Dana and her kitchen revealed this to me:  my soul sister, Dana, epitomizes the “pulled-together-female.” I still remember her amazingly feminine outfits when she taught with me. Her cute off-white cardigan that perfectly complimented the darling red pencil skirt that hugged her tall, lean curves.   The matching panty hose with the feminine seam that ran down the back of her long legs into the matching heels. She and her outfits are smoking hot. Additionally, she is an amazing cook. Her food is healthy, organic, homemade, and simply amazing. Her house is decorated to a tee, from her Tiffany blue bedroom suite to the Parisian themed baby nursery.  On top of her “pulled-togetherness,” Dana is funny and sweet.   She is the most compassionate person I know, yet she is not afraid to tell it like it is. 

If I am bluntly honest, Dana’s “pulled-together-femaleness” intimidates me.  I envy the way she can pull off those hot outfits or the amazing dishes she whips together.  Most of the time, I am trying to find outfits that are cute enough and hide the lumps and bumps of my own overly voluptuous figure.  Or, I am trying to figure out how I can make a healthy-enough dish in the hour between getting home from work and my daughter’s practices.  I am not pulled together.  I am a blend of attempts at organization and chaos.

When I compare myself to Dana and her womanly perfection and I decide that I do not live up to my image of her, our friendship changes. I may shrink back and berate myself for not being enough or I might devise ways in my mind to be “more perfect.”  Either way, I am not being authentic.  How can another person, or Dana, truly connect with me when I am in this state?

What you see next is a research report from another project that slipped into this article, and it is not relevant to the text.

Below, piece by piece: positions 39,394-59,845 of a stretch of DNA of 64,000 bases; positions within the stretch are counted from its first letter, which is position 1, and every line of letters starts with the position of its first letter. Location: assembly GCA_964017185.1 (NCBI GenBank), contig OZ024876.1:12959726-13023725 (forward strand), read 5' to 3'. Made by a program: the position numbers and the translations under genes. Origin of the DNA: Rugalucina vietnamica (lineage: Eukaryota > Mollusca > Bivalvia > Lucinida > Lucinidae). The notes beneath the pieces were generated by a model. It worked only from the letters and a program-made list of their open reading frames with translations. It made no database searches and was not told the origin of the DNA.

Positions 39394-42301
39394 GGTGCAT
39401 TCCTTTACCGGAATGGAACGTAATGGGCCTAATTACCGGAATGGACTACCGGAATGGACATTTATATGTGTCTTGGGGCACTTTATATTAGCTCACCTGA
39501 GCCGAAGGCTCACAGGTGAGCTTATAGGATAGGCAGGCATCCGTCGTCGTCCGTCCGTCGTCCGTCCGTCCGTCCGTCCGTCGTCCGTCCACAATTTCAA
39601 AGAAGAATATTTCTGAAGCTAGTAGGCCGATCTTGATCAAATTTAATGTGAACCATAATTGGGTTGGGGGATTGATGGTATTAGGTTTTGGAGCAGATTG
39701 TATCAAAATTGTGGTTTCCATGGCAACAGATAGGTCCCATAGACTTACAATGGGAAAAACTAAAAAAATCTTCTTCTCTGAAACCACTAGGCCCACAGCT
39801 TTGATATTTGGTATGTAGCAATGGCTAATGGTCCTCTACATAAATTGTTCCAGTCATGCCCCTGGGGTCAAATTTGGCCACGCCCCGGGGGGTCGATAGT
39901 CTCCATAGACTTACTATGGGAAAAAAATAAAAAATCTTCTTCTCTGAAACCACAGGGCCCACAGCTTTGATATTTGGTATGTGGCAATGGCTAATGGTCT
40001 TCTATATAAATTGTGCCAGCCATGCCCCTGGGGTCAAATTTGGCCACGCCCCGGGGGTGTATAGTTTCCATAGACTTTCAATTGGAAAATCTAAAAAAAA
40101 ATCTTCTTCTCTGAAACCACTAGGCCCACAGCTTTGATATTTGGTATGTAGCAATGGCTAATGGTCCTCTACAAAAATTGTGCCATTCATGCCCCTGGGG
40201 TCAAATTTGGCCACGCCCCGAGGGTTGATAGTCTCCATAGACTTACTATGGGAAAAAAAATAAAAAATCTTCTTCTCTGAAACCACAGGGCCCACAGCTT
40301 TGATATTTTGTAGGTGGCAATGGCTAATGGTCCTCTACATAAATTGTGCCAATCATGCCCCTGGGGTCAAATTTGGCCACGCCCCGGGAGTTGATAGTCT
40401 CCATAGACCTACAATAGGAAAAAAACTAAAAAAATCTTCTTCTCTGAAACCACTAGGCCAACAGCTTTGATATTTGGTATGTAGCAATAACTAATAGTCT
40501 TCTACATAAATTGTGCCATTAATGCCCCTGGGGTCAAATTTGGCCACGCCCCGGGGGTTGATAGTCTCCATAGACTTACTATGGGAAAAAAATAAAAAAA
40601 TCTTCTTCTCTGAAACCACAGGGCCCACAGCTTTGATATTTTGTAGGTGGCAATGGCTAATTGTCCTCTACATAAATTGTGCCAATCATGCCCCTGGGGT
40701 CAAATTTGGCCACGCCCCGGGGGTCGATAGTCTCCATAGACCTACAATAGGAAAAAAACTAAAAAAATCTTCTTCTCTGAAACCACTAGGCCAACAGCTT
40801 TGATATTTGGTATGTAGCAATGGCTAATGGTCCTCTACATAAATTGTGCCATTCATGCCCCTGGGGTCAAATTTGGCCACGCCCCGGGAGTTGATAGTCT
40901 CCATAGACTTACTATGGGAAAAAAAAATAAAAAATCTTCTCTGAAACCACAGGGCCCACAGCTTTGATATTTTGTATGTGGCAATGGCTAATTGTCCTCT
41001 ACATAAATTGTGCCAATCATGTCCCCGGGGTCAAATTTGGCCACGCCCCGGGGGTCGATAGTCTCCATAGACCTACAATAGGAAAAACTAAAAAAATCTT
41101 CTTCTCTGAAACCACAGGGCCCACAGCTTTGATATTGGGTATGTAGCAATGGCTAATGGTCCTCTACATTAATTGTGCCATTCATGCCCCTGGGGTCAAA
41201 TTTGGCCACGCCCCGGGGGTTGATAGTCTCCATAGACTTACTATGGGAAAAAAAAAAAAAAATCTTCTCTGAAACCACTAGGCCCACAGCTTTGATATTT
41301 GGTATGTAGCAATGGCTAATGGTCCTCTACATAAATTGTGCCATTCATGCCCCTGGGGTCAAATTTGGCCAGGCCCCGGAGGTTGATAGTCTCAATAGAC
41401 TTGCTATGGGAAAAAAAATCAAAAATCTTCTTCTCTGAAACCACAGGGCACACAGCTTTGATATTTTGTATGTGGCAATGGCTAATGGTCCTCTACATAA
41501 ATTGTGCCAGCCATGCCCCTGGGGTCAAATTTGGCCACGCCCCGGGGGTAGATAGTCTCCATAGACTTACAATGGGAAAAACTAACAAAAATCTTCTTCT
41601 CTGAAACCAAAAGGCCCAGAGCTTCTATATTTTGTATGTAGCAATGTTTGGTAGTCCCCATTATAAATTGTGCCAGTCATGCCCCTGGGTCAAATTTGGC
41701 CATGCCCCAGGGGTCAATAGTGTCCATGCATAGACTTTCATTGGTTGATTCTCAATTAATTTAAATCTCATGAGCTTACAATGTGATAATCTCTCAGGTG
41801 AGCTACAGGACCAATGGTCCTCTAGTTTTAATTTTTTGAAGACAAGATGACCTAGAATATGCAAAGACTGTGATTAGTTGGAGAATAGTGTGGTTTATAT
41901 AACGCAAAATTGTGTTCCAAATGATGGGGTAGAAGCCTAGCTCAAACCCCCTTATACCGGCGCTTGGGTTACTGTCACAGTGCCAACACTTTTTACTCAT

Going in and helping Dana with her kitchen helped me see she is just like me. We all have a junk drawer. We all have expired medicines, little bags of rice that we cling to because we can’t waste it the 1/4 cup of rice, and unmatched Tupperware. When she lowered  her “I-can-do-it-all” facade and let Jen and I help, I was able to connect with her on a deeper, more personal level. This deeper connection had nothing to do with Dana and it had everything to do with my perceptions of her. This experience taught me that being vulnerable and asking for help breeds connection. Maybe the “I-have-it-all-pulled-together” facade and pathetic attempts at perfection hinder relationships. It makes me ponder how the female community would change if we stopped the comparison game and just were authentically ourselves. 

Like the quote by Theodore Roosevelt suggests, maybe competition steals our joy.  If women quit competing with one another and supported each other instead, women would be happier.  Think of the impact we would have on the world if the female population was more joyful and happy.  We could raise the vibrations of the planet!

Hallelujah for Dana, Dana’s kitchen, and for intimate connections through vulnerability.